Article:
Suspects in Soma mine disaster demand acquittal
ISTANBULAlp Gürkan, the former chair of Soma Holding, which owned a mine that was the site of Turkey’s worst-ever mine disaster in 2014, demanded his acquittal at his first hearing on Dec. 26, Doğan News Agency has reported.
Gürkan said he resigned as chair of the company on December 2013 and handed over the baton to his son due to his old age.
“I do not know what happened in the company after me. I appointed Ramazan Doğru to the board of company because my son had no interest and knowledge about mining. The company complied with regulations until my retirement. I do not think any steps were taken against the regulations. I followed all the reports after the mine collapse. The reports which were made by experts were just fiction,” he said.
He said also in his defense that there were no accidents at the mine until 2014.
“All the mines in the Soma district are susceptible to fire. But we fought the fires with our team to extinguish them. There were also no accidents between 2009 and 2014,” he added.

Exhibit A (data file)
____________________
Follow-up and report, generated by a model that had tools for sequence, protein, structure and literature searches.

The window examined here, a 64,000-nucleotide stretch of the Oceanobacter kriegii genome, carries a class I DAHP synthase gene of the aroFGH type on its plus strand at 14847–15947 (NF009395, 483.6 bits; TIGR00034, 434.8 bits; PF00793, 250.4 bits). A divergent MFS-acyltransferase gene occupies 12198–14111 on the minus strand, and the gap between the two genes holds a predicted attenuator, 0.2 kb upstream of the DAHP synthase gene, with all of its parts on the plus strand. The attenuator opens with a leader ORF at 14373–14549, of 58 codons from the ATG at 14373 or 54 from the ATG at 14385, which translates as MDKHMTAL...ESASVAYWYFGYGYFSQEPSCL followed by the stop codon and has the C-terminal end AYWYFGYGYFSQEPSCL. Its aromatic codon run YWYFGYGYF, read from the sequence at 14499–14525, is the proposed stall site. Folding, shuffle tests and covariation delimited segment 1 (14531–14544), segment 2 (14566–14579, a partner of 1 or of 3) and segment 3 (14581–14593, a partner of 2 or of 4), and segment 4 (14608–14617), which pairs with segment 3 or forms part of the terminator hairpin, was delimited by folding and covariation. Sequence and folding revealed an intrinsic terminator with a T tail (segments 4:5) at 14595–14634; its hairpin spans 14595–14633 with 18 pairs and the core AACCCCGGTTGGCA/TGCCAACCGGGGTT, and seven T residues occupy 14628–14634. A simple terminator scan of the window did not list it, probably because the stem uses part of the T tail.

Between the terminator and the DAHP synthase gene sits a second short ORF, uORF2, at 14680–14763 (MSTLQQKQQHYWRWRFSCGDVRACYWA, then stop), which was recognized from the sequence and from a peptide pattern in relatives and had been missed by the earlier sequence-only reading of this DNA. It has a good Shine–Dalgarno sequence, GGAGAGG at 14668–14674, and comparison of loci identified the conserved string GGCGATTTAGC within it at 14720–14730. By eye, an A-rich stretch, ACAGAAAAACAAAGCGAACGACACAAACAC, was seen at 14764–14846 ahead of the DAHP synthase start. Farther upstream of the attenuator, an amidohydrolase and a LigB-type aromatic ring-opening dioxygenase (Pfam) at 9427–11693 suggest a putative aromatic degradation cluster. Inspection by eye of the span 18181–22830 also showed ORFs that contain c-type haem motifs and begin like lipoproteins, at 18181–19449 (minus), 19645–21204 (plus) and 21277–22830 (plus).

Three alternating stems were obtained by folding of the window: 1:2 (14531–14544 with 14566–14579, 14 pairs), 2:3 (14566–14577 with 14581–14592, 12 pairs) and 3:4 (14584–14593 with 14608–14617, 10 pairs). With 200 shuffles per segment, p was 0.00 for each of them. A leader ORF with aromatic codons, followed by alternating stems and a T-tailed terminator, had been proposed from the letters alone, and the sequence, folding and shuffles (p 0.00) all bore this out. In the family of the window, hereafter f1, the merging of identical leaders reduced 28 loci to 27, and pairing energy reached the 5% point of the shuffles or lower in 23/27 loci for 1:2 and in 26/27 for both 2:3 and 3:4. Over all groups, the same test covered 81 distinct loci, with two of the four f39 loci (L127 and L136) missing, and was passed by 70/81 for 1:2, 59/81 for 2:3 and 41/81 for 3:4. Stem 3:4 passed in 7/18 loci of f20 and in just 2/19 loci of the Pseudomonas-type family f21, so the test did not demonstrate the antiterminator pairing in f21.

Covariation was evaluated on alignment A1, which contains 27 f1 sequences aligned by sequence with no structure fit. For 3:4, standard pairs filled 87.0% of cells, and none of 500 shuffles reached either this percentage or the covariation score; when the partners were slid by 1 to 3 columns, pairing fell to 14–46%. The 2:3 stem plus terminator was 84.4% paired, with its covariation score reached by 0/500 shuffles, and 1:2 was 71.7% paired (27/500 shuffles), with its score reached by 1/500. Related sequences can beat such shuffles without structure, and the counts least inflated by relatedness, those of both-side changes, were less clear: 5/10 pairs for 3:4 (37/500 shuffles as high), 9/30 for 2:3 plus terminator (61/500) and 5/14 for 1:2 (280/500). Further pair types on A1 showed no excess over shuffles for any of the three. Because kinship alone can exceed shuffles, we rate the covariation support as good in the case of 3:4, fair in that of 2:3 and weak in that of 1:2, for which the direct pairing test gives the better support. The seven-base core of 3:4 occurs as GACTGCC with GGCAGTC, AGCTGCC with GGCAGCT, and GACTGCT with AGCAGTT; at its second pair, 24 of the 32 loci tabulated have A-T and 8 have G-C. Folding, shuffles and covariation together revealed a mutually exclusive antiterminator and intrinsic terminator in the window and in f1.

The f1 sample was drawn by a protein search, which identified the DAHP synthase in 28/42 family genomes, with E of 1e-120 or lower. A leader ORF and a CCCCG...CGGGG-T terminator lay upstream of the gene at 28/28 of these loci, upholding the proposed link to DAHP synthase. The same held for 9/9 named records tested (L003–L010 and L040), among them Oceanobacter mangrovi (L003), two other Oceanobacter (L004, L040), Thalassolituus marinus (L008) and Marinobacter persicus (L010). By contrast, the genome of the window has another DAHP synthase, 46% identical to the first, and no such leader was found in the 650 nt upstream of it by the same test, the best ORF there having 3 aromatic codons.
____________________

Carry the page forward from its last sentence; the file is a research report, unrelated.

He also answered questions from complainants’ lawyers as to why he was the chair of the Tilaga Mining Company even though he said he had retired due to old age.
“After the incident, all of the executives of the company were arrested. So I had to take over the company’s administration. But I appointed a general manager to the company,” he said.
Meanwhile, one of the other suspects in the disaster, Mustafa Yiğit, also demanded his acquittal, saying he denied the indictment.
Some 37 complainants also attended the hearing, occasionally protesting the suspects during the trial.
An expert report prepared on Oct. 22, 2015, by seven experts from Istanbul Technical University into the disaster stated that the owner of the mine and state institutions responsible for mining facilities, including the Labor and Social Security Ministry, were responsible for the tragedy that killed 301 miners.
The expert report demanded by a court in the western province of Manisa stated that the Soma Coal Mine Company was 70 percent responsible for the incident at the mine, the Turkish Coal Enterprises (TKİ) was 15 percent responsible, the General Directorate of Mining Affairs (MİGEM) was 10 percent culpable while the Labor and Social Security Ministry was 5 percent responsible.
Accidents have beset Turkey’s mining industry in recent years, with 16 miners killed in the Siirt mine in southeastern Turkey in Dec. 2016.
In October 2014, 18 died in a flood at a coal mine in Ermenek in the Central Anatolian province of Karaman.